JPMorgan Chase granted Jamie Dimon new stock options as a retention bonus to incentivize the chief executive officer to lead the banking giant for a few more years.

The 65-year-old Dimon was awarded 1.5 million stock appreciation rights, a form of options contracts he can exercise in five years if the stock price rises. JPMorgan shares closed at $149.71 on Tuesday after climbing 18% this year on the back of the economic reopening.

“This special award reflects the board’s desire for Mr. Dimon to continue to lead the firm for a further significant number of years,” the bank said in a regulatory filing.

These options would give Dimon a profit of approximately $49 million after a 10-year vesting schedule, the Financial Times reported, citing people familiar.

“In making the special award, the board considered the importance of Mr. Dimon’s continuing, long-term stewardship of the firm, leadership continuity, and management succession planning amid a highly competitive landscape for executive leadership talent,” the bank said.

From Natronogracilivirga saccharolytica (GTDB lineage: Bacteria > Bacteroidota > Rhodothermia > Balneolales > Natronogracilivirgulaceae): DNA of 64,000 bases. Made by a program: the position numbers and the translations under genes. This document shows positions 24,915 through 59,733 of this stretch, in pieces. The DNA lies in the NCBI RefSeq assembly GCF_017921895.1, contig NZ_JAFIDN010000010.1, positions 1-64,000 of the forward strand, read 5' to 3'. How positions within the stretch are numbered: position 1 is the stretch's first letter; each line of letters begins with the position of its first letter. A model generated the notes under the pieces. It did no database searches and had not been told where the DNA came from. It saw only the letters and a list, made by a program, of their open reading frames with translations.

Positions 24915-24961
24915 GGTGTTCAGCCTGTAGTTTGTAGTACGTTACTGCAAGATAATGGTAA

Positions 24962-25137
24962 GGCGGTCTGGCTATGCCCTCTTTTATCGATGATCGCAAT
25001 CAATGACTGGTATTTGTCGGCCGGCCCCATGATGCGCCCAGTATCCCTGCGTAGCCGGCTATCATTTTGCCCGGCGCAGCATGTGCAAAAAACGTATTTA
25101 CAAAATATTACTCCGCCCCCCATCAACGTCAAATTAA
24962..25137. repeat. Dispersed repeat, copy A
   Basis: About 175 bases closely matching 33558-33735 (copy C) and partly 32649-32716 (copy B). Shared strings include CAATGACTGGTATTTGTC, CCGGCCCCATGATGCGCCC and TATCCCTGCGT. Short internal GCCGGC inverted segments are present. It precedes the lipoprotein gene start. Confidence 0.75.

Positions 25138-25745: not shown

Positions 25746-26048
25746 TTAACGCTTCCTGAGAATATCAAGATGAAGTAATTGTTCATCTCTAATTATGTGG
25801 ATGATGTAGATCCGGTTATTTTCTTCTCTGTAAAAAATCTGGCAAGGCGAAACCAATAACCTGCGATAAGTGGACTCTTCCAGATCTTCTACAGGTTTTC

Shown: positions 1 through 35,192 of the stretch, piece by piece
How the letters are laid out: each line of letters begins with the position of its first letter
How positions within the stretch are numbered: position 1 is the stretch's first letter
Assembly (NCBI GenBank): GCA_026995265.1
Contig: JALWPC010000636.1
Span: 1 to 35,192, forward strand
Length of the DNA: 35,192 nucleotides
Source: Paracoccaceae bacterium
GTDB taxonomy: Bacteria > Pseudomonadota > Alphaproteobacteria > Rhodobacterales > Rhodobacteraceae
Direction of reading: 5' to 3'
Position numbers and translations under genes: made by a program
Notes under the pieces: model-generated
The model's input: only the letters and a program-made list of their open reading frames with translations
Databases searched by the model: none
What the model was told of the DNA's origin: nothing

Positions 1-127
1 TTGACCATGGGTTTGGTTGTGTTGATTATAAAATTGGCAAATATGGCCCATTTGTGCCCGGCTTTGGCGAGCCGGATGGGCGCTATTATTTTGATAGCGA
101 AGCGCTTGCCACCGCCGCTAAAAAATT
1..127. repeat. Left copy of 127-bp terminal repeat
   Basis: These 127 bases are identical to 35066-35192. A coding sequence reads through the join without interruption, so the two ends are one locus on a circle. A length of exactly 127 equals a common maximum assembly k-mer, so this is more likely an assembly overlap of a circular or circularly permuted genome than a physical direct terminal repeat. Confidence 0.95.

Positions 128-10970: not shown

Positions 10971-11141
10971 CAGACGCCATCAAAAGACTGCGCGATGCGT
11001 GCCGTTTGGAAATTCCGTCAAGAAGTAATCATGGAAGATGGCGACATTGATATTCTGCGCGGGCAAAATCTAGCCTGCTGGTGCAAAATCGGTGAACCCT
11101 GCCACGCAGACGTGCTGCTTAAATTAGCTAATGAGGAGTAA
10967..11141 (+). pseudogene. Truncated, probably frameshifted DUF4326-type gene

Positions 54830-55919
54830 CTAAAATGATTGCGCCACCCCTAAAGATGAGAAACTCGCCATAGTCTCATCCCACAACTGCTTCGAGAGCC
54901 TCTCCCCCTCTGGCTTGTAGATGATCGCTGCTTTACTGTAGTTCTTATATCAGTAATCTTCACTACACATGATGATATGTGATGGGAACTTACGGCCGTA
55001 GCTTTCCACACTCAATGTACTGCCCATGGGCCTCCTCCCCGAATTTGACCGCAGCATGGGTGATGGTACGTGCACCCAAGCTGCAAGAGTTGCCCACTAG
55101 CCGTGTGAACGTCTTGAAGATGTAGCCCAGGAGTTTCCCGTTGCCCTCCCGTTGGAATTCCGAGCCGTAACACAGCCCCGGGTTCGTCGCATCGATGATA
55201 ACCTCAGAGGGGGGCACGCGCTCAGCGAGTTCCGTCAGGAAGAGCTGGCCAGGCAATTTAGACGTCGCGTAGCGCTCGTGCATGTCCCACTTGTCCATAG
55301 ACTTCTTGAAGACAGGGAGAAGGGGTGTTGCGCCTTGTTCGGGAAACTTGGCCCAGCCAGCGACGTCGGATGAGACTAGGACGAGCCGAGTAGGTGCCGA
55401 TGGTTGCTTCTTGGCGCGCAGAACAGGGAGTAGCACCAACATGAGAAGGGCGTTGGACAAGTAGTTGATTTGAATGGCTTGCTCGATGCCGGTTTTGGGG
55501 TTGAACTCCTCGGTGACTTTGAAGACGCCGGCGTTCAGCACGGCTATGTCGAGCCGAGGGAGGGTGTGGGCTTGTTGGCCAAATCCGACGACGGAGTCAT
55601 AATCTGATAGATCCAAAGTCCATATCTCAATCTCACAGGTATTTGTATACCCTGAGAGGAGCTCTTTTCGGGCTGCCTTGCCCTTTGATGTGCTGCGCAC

JP Morgan CEO Jamie Dimon gives a speech during the inauguration of the new French headquarters of US’ JP Morgan bank on June 29, 2021 in Paris.

Michel Euler| AFP | Getty Images

Dimon took over JPMorgan in 2005 and built the New York-based lender into the biggest U.S. bank after the financial crisis. For years, he had a running joke of saying he’s always five years away from stepping down. That coincided with the departure of a few executives who had been seen as potential successors.

In May, the bank named Marianne Lake and Jennifer Piepszak to run the company’s sprawling consumer bank after its long-time manager announced his retirement.

Succession talks had resurfaced after Dimon had a close call that required emergency heart surgery last year.

The bank kept Dimon’s annual pay at $31.5 million for 2020. The CEO got a 1.6% raise in the previous year after his bank posted record earnings and shares of the company surged.

JPMorgan is fresh off a better-than-expected quarter as the bank released money set aside for loan losses amid its improving outlook on the U.S. economy.

— CNBC’s Hugh Son contributed reporting.

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